Choosing a domain name for you blog is a key step in starting your blog and branding your coaching business. Branding your business means making your business consistently identifiable and different from other coaching businesses in the same niche. One way you can make your business identifiable is by choosing a great name and a great domain. This is an area to take time to research your decision and put some thought into your choice because you will be stuck with it for a while and if you are lucky a long while.
Short, Long, My Name, Catchy, Key Words…?
Your domain name should represent your niche and your business. The best domain names tell the customer what you do in your business. The goal is to choose a coaching domain name that tells clients who you are, what you do and how you do it. If you are a coach that helps people after experiencing a divorce a domain name like “divorcerecovery”or “lifeafterdivorce” would be fine domain names for that type of coaching business. Be creative and add a short words or rearrange the words if your first choice is already taken.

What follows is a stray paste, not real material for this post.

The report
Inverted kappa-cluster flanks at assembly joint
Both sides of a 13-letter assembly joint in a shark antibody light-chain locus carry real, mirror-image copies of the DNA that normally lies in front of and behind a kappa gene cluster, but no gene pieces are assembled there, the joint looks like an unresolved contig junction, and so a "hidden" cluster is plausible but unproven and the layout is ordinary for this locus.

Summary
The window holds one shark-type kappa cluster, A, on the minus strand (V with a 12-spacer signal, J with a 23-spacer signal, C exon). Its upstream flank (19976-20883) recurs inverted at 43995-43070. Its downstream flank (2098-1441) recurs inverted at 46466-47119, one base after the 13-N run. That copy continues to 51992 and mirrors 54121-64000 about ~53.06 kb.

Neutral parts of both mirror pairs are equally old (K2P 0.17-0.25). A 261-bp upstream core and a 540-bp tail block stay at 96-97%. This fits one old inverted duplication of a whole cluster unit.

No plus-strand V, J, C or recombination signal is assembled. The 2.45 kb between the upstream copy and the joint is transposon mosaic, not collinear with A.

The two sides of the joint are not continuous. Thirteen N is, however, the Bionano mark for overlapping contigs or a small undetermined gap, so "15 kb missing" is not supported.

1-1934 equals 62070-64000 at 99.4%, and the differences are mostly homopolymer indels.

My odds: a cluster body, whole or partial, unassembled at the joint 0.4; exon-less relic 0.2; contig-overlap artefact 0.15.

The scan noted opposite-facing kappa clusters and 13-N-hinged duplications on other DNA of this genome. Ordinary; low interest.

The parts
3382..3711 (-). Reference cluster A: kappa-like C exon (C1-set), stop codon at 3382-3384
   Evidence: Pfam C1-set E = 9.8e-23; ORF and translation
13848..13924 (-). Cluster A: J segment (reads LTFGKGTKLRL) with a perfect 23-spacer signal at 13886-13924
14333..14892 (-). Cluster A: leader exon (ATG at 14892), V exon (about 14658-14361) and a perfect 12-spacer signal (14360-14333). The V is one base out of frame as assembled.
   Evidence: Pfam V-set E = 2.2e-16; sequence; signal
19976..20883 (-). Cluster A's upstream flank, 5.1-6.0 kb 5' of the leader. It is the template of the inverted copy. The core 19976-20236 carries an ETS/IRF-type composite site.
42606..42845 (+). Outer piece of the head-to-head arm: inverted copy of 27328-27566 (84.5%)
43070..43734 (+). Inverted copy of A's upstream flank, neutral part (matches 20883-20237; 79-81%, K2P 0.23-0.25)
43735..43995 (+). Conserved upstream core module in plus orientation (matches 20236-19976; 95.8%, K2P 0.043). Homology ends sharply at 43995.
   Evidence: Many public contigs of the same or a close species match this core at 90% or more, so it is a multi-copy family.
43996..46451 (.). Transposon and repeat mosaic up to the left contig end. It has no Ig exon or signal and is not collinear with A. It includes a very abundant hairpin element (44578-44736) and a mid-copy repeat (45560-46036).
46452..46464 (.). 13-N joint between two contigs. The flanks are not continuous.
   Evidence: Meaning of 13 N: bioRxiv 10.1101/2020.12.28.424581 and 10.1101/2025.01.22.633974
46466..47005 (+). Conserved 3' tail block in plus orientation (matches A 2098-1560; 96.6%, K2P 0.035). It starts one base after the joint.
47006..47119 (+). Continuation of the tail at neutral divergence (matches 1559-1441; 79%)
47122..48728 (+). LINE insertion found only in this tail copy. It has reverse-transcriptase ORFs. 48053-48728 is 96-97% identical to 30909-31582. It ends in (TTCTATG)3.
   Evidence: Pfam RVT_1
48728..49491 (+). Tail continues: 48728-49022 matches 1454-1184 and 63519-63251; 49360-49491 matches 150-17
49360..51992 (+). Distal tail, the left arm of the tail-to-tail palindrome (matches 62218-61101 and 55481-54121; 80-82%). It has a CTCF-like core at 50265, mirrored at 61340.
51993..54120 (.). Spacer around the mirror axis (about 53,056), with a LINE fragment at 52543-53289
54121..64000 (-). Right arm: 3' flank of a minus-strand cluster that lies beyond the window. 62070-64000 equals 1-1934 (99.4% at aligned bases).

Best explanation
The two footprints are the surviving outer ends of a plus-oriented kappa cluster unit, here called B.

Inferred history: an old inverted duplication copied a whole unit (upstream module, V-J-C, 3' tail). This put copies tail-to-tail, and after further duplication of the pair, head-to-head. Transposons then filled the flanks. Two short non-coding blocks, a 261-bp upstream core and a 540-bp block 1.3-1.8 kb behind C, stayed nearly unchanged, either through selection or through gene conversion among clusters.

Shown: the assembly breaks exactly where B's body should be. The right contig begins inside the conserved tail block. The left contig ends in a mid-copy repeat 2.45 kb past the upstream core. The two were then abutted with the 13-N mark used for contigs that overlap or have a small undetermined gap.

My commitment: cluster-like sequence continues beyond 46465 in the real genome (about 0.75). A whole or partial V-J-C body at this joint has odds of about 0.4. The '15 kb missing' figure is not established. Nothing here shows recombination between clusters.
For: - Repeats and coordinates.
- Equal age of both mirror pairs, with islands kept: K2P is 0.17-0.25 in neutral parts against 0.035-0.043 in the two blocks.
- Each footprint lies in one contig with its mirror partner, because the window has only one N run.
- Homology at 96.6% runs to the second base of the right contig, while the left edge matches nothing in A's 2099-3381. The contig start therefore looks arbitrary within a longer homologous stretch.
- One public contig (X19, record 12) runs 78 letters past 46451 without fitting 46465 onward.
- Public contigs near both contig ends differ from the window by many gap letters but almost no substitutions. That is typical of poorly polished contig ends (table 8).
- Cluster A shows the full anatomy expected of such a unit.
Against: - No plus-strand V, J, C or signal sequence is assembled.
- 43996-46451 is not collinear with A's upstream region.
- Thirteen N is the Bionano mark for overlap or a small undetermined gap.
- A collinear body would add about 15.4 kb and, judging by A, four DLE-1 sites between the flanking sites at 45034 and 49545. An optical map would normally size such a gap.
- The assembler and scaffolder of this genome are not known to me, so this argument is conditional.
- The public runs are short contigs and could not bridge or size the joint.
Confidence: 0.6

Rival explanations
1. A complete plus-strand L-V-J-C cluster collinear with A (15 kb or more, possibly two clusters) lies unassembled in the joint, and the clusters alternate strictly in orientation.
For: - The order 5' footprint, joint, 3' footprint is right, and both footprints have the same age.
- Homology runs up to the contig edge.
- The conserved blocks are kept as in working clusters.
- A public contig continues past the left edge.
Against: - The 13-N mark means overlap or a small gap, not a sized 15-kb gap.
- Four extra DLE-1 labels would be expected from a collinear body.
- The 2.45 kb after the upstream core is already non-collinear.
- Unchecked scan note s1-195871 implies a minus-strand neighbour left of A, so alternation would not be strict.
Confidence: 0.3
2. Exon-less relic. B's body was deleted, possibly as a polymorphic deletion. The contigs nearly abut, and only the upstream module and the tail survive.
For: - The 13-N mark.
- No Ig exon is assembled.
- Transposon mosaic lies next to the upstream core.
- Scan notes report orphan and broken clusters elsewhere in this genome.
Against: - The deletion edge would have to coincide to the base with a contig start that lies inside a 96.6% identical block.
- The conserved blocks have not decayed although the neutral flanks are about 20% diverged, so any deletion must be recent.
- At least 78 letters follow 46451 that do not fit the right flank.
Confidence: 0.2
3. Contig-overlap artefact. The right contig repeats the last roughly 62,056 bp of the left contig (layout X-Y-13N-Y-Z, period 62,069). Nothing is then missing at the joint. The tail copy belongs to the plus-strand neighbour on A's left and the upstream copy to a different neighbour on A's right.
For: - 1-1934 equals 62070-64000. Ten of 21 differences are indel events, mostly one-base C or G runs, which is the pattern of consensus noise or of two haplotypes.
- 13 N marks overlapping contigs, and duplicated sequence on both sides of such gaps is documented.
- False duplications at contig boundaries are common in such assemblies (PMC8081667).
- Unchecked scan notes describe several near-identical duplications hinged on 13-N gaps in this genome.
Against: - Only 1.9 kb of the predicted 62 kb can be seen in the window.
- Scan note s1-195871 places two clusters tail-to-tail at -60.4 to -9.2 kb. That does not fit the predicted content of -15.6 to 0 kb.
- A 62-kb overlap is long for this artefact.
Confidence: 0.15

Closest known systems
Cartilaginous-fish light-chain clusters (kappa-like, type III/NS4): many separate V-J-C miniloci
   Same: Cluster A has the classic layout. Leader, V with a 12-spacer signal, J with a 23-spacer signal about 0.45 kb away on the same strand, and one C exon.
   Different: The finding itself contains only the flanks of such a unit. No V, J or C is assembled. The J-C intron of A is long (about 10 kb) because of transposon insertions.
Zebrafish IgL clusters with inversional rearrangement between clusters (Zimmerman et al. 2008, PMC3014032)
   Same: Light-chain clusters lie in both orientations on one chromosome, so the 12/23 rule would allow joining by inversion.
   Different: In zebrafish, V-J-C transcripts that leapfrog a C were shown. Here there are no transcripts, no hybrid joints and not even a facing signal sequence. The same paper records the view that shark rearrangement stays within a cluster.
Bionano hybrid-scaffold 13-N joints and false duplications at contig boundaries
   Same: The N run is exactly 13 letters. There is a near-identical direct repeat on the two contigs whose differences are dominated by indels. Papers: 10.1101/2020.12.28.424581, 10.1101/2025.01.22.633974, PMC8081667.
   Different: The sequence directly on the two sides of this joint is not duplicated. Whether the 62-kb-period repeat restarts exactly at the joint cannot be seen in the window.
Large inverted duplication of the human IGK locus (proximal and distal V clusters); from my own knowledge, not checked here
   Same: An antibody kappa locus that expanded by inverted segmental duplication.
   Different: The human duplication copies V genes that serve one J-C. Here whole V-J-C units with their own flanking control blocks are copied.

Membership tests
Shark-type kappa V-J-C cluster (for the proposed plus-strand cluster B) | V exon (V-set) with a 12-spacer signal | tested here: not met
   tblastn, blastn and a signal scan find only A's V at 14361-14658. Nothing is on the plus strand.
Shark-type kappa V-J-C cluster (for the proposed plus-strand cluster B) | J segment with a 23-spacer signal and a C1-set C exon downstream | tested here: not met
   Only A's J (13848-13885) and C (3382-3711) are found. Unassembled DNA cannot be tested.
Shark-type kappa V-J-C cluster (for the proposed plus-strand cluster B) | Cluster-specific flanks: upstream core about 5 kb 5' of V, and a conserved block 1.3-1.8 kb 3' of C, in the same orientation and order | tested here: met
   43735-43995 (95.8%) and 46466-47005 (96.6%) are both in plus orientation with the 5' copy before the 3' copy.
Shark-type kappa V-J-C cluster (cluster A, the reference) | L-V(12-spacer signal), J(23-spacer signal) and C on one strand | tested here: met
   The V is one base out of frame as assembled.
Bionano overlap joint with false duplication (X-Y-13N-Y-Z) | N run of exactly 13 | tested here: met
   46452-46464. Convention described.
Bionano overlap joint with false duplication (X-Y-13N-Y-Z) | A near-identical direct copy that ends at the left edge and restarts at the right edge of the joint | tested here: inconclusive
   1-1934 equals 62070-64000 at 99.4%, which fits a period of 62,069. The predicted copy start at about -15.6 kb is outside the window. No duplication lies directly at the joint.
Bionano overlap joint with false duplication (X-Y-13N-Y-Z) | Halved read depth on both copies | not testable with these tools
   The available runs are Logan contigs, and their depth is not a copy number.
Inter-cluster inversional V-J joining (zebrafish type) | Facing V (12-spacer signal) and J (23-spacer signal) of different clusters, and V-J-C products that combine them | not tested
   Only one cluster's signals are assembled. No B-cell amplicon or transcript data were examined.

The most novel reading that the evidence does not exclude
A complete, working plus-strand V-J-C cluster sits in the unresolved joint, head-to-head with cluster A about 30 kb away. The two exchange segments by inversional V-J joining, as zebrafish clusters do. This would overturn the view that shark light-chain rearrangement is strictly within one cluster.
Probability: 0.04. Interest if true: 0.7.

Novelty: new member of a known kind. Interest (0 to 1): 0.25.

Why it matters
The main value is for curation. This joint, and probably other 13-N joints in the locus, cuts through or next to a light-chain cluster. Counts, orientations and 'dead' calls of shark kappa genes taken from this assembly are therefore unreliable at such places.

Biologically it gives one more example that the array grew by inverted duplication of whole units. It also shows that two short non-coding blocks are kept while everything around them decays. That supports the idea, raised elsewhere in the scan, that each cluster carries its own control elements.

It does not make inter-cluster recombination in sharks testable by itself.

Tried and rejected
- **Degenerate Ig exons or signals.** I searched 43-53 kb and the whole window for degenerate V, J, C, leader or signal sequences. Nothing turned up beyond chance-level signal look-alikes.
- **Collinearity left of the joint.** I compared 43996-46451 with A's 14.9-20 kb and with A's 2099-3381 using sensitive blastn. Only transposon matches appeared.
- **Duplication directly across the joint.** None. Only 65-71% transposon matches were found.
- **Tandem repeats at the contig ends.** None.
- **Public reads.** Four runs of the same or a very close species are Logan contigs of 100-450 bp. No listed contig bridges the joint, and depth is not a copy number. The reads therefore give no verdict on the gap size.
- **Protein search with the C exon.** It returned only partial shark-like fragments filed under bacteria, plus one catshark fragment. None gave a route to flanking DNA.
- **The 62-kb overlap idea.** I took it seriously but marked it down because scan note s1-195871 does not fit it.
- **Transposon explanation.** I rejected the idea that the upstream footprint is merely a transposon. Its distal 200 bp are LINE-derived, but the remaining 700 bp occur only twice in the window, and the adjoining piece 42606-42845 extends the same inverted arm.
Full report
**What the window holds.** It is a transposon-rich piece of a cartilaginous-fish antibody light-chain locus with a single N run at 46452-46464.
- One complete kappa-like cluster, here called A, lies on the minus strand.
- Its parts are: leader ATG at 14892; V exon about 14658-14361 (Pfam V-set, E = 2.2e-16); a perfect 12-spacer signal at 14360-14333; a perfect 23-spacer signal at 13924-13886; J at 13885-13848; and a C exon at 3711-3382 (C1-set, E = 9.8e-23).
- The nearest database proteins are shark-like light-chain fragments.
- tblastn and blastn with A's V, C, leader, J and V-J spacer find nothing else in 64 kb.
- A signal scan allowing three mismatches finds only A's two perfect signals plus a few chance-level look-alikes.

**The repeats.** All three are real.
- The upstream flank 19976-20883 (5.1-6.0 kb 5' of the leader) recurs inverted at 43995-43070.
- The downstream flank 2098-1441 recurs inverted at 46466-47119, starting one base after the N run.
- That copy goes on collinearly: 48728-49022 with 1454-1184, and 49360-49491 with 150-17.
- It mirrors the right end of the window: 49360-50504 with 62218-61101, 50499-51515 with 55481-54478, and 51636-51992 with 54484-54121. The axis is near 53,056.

Bigger is Not Always Better!
The best names are as short as possible and are always.com names. The shorter the name the easier it will be for potential coaching clients to type correctly and remember. Consider if you want to use a plural or a singular form of the name and purchase both if you can then forward the name not chosen to the name that is chosen so that clients will find your site no matter how they type in your name. Remember domain names are inexpensive and a whole lot less expensive than your competitor getting your customers to their site instead of yours.
Oops! I Did it Again…
It is always wise to buy domain names that are common misspellings or common mistakes people make when they type your domain name. When you own all the possible misspelled names and mistyped name you can forward them all to you true domain name so you will get all possible prospects.
Go ahead and start a spread sheet that documents all your domain names, the date you purchased them, where they are hosted, where they are forwarded, and what they are for.
Source by Suzan Schmitt